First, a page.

A Desperate Plea for Quality Cinema

I’m knocking on wood while I throw a pinch of salt over my shoulder. I have several four-leaf clovers in my pocket, along with seven lucky horseshoes, and I haven’t stepped on any cracks in five months. I’ve taken to playing loud music and wearing a tinfoil hat so “the man” can’t listen in on my words and thoughts. I tried to rent a volcano for a virgin sacrifice, but that’s a mountain of paperwork. Just believe me when I tell you that I’m saying this with the utmost hesitation, but I think that maybe we might be out of this recent “slump” in movies, perhaps. (Fingers crossed).

The slump I’m talking about is something I’ve noticed in the past few years. As I’ve said before, I keep a list of every movie I’ve ever seen (1,633 movies, aren’t you proud of me, Mom?). I sorted through them by year and my suspicions were confirmed. There was a definite drop-off in quality cinema over the past few years. To prove my point, in 2012, I saw about 40 movies I would categorize as at least pretty good—2012 marked the release of Wreck-It Ralph, The Master, and Moonrise Kingdom. But the following year, there was a very steep drop. In 2013, I saw only 22 movies I would say are pretty good. You might remember 2013 by such cinematic masterpieces as Marvel universe set-up/cash-grab Thor: The Dark World, Iron Man 3 (also known as Robert Downey Jr. Couldn’t Get Out Of His Contract), and Tom Cruise’s sci-fi movie that wasn’t Edge of Tomorrow, the disaster titled Oblivion. It was a pretty rough annum in cinema. Unfortunately, the next year wasn’t much better. I counted 24 movies I would categorize as “pretty good.” As a reminder, young-adult-book-turned-movie The Maze Runner, geriatric return to comedy Dumb and Dumber To, and the Arnold Schwarzenegger movie I bet you didn’t even know existed, Sabotage, all came out in 2014. This is not to say that good movies didn’t come out in these years. Whiplash, The Imitation Game, and Dallas Buyers Club were all released in these two years. But note how all of these movies were “Oscar bait.”

But, as I said earlier, I think we may be pulling out of this movie slump. The past few years have marked a definite rise in the number of movies that fit my nebulous description of “pretty good.” To continue our yearly review, 2015 had 31 pretty good movies like Mad Max: Fury Road, Spotlight, and Straight Outta Compton. Even better, 2016 had 33 pretty good films such as Moonlight, La La Land, and Deadpool. Yes, these past years have marked a rise in sequels, spin-offs, and cash-grabs, but putting these aside, there have been more and more films that are at least pretty good.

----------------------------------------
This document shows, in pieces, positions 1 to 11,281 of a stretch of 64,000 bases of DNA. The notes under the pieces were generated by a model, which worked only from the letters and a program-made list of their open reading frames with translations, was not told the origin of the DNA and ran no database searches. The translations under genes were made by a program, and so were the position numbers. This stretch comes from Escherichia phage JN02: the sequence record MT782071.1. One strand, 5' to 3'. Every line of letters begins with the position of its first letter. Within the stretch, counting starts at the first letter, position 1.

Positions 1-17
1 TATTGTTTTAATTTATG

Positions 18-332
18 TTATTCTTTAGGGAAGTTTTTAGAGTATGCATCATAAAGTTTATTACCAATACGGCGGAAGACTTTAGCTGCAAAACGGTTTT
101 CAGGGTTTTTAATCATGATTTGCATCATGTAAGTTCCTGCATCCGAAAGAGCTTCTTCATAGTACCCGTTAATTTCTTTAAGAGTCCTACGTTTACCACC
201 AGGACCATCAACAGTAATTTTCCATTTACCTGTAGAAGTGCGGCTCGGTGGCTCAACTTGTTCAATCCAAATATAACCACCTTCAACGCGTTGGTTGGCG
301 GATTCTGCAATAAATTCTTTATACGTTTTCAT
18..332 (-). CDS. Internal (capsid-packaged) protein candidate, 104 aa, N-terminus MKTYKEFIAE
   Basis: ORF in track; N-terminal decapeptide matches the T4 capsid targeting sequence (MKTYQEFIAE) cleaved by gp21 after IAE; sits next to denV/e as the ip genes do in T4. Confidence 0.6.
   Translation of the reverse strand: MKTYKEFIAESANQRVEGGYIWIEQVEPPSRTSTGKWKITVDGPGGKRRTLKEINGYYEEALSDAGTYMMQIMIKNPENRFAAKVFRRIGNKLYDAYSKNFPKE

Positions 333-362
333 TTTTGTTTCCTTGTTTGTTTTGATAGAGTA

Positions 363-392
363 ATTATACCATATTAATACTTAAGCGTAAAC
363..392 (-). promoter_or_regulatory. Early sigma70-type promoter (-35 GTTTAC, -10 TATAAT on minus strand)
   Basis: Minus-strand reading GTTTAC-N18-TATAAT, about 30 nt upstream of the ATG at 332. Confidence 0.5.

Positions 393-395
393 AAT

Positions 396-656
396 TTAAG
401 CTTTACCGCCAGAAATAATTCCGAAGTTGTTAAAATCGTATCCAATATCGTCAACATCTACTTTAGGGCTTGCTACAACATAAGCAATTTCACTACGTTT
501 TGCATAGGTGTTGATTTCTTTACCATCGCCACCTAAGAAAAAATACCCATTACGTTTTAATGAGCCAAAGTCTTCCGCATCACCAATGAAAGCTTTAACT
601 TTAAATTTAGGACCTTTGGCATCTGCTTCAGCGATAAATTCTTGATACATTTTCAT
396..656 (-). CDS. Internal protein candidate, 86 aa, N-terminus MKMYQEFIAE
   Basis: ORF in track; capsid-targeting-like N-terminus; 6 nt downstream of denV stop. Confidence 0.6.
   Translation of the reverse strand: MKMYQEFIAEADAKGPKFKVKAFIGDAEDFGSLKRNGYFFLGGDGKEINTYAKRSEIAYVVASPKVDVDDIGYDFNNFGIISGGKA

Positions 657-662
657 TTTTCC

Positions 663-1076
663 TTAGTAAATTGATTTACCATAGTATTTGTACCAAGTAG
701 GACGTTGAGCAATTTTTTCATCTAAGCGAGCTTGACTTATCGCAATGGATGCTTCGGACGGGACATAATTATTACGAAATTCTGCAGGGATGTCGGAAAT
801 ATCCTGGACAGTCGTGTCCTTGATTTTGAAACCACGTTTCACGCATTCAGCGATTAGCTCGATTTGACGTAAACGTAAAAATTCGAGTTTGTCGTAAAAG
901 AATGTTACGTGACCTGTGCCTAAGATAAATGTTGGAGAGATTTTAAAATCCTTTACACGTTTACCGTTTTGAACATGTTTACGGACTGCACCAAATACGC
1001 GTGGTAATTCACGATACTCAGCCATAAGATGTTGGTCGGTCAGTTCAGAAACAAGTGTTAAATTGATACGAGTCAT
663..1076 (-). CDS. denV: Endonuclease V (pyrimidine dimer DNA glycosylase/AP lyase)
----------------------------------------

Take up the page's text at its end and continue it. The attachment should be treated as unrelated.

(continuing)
I believe that we could be re-entering a period of quality cinema. Oscar season of 2016 was filled with truly fantastic films. Moreover, we are only three months into 2017, and it’s already looking like this might be a great year for film. We’ve gotten through the usual garbage fire that is January, February, and early March relatively unscathed. The LEGO Batman Movie, John Wick: Chapter Two, Logan, and Get Out were all terrific films, and we’re just getting started. Sure, we had the usual junk like generic horror movie The Bye Bye Man or generic action movie xXx: Return of Xander Cage. But we have had a fair number of films that I would gladly watch two or three more times. Looking ahead, there are a lot of movies that are going to come out that look like they could be added to my definitely-not-arbitrary category of at least pretty good. Freefire, Dunkirk, and Baby Driver are all on my list to see. New theory: when we have a good president, we get bad movies, and when we have a “president,” we get better movies. Jacob’s column: come for movie talk, receive unwarranted political opinions.

We also have a few new directors, in addition to the rest of the great directors like Christopher Nolan, Quentin Tarantino, and Wes Anderson, who are proving themselves to be on par with “the greats” with their first few films. Damien Chazelle (Whiplash and La La Land), Denis Villeneuve (Sicario, Arrival, and Prisoners), Ava Duvernay (Selma and 13th), and most recently Jordan Peele (Get Out) are all directors that show incredible promise and skill, have many years ahead of them, and all have upcoming movies. I don’t want to speak too soon, but I’m way more excited than I have any reason to be for the rest of this year, and years to come, in movies.

Featured Image by Warner Bros.

About Jacob Schick 172 Articles
Jacob is the Head Arts Editor for The Heights. He is from Winter Park, Florida and he is currently trying to watch every movie in existence (he’s pretty close). You can follow him on Twitter @schick_jacob or email him at [email protected]